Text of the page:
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Monmouth and Middlesex counties are home to some of New Jersey’s finest restaurants. Undici aspires to join the elite, and at least it looks the part. The antique floorboards and roof beams were salvaged from old American barns by Pamela Diaco, who co-owns Undici with Victor Rallo, owner of Basil T’s in Red Bank. They are trying to update the feel of a Tuscan farmhouse. The kitchen has its moments, but the only thing you can count on is overpaying.
To reach the front desk, guests have to circumnavigate the enormous bar. Pull up a stool and sample the excellent Italian cheeses and salumi. Choose from among more than 40 wines by the glass. You can also order from the dinner menu, but that’s where the problems begin.
A pizza originale from the prominent wood-fired oven just off the dining room was doughy, bland, and an affront at $17. The mozzarella was better cold in a pomodoro salad with tomato, fresh basil, and a hefty slice of ciabatta. Both the tomatoes and the ciabatta were grilled—perhaps to justify charging $15 for bread and cheese.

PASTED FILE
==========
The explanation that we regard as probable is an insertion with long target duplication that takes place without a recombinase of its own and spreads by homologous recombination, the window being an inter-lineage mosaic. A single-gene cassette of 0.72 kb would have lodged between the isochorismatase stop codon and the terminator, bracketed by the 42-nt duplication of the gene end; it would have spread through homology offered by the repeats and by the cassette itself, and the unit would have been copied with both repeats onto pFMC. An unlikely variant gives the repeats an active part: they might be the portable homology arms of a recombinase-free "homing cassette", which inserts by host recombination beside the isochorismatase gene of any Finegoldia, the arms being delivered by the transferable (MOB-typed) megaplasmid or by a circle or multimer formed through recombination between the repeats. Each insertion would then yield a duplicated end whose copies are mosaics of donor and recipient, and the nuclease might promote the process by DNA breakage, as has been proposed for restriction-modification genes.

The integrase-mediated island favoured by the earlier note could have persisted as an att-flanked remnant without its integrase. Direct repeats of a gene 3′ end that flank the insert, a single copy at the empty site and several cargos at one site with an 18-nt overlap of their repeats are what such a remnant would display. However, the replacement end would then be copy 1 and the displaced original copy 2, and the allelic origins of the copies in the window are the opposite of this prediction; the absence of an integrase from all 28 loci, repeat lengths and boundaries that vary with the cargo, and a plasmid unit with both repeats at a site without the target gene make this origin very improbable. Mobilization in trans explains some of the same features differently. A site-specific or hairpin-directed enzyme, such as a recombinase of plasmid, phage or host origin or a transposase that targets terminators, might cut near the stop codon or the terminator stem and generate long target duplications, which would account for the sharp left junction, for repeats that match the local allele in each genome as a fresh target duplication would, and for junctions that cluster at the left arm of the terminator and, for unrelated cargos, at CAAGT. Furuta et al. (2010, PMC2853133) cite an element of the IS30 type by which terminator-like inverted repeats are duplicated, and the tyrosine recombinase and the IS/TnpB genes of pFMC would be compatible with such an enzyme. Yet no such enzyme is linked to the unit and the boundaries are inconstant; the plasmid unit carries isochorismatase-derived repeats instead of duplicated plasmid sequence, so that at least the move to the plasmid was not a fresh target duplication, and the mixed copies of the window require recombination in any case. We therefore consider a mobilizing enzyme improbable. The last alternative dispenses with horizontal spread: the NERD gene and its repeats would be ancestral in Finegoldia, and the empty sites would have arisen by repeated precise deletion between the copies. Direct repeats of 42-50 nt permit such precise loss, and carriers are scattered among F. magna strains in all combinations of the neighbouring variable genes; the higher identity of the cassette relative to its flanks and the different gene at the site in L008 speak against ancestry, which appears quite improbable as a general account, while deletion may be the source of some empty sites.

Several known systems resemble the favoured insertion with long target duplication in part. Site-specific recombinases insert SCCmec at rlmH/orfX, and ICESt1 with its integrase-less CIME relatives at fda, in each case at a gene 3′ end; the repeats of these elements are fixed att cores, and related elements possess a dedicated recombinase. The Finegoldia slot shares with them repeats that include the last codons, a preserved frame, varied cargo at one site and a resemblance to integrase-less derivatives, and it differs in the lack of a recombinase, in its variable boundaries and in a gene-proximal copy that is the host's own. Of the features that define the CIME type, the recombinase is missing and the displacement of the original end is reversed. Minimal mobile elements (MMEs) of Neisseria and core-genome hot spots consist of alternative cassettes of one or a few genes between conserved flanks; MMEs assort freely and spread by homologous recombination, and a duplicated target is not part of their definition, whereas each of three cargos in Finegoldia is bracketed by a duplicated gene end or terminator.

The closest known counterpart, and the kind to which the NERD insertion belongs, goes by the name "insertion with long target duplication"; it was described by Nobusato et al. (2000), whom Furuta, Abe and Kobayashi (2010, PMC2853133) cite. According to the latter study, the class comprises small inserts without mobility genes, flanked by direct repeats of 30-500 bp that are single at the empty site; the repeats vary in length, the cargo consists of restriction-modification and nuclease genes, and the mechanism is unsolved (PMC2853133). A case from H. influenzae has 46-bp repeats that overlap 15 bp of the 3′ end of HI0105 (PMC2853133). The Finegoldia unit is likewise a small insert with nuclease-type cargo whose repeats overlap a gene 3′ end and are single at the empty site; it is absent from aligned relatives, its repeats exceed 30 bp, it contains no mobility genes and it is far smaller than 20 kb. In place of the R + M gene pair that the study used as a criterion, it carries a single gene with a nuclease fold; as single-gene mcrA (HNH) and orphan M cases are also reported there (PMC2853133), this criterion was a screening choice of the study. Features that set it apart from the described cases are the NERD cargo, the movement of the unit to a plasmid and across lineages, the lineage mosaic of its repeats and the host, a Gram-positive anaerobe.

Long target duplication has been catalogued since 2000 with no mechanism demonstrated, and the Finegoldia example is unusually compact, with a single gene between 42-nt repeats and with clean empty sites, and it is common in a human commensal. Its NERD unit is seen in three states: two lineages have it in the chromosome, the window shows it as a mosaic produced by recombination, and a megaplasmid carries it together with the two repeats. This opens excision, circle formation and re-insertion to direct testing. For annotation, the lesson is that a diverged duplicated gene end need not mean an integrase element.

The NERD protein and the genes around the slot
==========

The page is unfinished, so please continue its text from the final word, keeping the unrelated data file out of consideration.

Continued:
A constant on the menu (which changes frequently depending on the seasonal availability of ingredients) is Undici Tramezzino—a panino made with pizza bread and stuffed with grilled chicken, goat cheese, and roasted peppers, slathered with pesto ($14). It was flavorful, but you can find its like in an upscale sandwich shop. Artichoke hearts stuffed with ciabatta, pignoli, parsley, and Romano tasted mainly of burnt garlic.
Pasta is made fresh daily and is generally excellent. Mafaldine, a broad, ruffled fettuccine, made the perfect vehicle for a rich sauce of braised pork, veal, and beef, enlivened by carrots, celery, and onion, topped with a dollop of creamy ricotta. House-made gnocchi came with an excellent meat ragù, but were oily. Fusilli better approximated the fresh Italian fare the restaurant purports to offer—sweet, plump rock shrimp nicely paired with broccoli rabe florets and fresh tomato sauce.
Many entrées fall short—like rubbery veal saltimbocca, and a skewer of tough, grilled jumbo shrimp. A $46 dry-aged New York strip steak pizzaiola was buried under a fresh tomato sauce that masked any depth of flavor the meat might have had.
Ricotta cheesecake was bland and dry, and strawberry gelato suffered from freezer burn. But the sting of ice crystals in the gelato was nothing compared to the sting of the check.
11 West River Rd
American Italian cuisine, featuring homemade pastas, fish and meats selectively procured daily and wood burning pizza served in a dining room recreated from a Tuscan farmhouse.